“There is a distinct difference between a false teacher and someone who teaches something that is false,” he said. “If they were the same, y’all would have stoned me by now because I know I have taught something that has been false. I know I’ve misunderstood the Scriptures…
“A false teacher is someone who, in contradistinction to someone who teaches something false, embodies — that person is characterized — by fundamental teachings that are dangerous, that are unhealthy, poisonous, toxic, and their goal is to mislead.”
Da’ T.R.U.T.H. believes that Joyce Meyer, T.D. Jakes and Creflo Dollar are not false teachers.
“I have been listening to [Joyce Meyer], watching her for 15-16 years, and I don’t know what anybody’s talking about. Look at her statement of faith online, watch her, listen to her sermons.
“It almost reminds me of when you talk to people that are not Christians that make all these big accusations against Christianity, and you’re like, ‘Did you ever read that passage before? Have you ever read the Gospels? Have you ever read the Bible before?’ And they’re like, ‘No, I never read it before, but…’”
Da’ T.R.U.T.H. thinks that many Christians who criticize certain preachers do so without listening to their preaching, or they use isolated clips of a sermons out of context against them.
“If you go in with a predisposed bias, naturally, you get what you’re looking for,” he said. “If what you’re looking for are holes and flaws, that’s what you’re going to get…
“All the people that are making these judgements, do me a favor, just listen to Joyce for a week. Listen to Creflo for a week now because even he has recanted from certain things that he placed emphasis on in the past… Over the past four years I’ve been listening to him. He’s been talking about justification by faith alone, grace alone. That’s been his emphasis — impudent righteousness that can only come from Jesus Christ, not of works. That’s been his sermon for the past three or four years…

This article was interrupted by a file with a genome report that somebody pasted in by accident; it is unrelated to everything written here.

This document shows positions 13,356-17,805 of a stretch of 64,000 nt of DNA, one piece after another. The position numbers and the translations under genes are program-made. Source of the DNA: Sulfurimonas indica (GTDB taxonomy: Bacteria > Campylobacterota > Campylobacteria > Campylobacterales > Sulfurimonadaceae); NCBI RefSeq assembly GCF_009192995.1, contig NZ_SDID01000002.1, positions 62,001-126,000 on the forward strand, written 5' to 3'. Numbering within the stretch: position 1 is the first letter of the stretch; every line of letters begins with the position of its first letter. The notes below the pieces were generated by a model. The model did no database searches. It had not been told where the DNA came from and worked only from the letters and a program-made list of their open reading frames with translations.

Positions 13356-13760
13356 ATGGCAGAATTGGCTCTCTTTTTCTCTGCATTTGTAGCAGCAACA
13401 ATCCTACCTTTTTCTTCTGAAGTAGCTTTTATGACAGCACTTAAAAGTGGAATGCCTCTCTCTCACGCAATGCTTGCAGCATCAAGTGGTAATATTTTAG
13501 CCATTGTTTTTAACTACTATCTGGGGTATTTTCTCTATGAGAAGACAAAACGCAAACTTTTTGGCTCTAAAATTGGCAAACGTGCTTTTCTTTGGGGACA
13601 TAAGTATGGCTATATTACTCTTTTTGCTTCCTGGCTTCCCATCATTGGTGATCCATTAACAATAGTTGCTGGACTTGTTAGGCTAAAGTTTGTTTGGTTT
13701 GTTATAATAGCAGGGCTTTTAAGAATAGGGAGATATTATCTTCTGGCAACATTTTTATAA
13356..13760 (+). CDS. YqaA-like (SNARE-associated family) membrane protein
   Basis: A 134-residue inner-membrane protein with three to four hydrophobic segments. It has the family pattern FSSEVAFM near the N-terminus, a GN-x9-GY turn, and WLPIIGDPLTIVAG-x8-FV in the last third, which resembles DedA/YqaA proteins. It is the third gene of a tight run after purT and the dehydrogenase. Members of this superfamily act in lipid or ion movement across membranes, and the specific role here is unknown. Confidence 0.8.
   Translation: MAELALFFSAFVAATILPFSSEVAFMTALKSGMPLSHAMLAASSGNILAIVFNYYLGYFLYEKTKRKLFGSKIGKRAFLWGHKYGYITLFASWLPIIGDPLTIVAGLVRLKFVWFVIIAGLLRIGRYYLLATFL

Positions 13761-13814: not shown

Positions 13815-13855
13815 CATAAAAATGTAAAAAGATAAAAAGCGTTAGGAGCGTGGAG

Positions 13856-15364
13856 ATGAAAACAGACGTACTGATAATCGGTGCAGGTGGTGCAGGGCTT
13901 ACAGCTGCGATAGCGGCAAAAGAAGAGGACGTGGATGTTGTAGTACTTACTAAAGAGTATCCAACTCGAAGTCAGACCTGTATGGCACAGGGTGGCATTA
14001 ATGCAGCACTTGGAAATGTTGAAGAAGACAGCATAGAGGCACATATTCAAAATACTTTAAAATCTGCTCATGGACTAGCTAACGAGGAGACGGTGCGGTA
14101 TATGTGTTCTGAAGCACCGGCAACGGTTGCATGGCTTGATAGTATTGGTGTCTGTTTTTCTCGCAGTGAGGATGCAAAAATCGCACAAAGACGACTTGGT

“All I’m saying is these leaders are in process just like us, and they’re in process under the microscope.”
Last year, Creflo Dollar came under nationwide criticism because his ministry sought “200,000 people committed to sow $300 or more (to) help achieve our goal to purchase the G650 airplane,” according to CNN.
Da’ T.R.U.T.H. said he didn’t know why this request was made and wouldn’t defend it, and he felt, for the sake of understanding, it was important to know why before passing judgement.
The Philadelphia-based artist wrote “Color Purple” to start a conversation, one which he hopes eliminates division among Christians who may be different, but whose differences he believes would benefit each other and the world.
“How in the world can the church universal make an impact or effect change out there when we can’t even come together because, ‘I don’t like the preacher that’s preaching. I don’t like the books that they’re reading. I don’t like how expressive they are. I don’t like how they yell when they preach. I don’t like how quiet they are,’” Da’ T.R.U.T.H. said. “As long as those tensions exist amongst us, how in the world will we effect change outside of the context of our church?”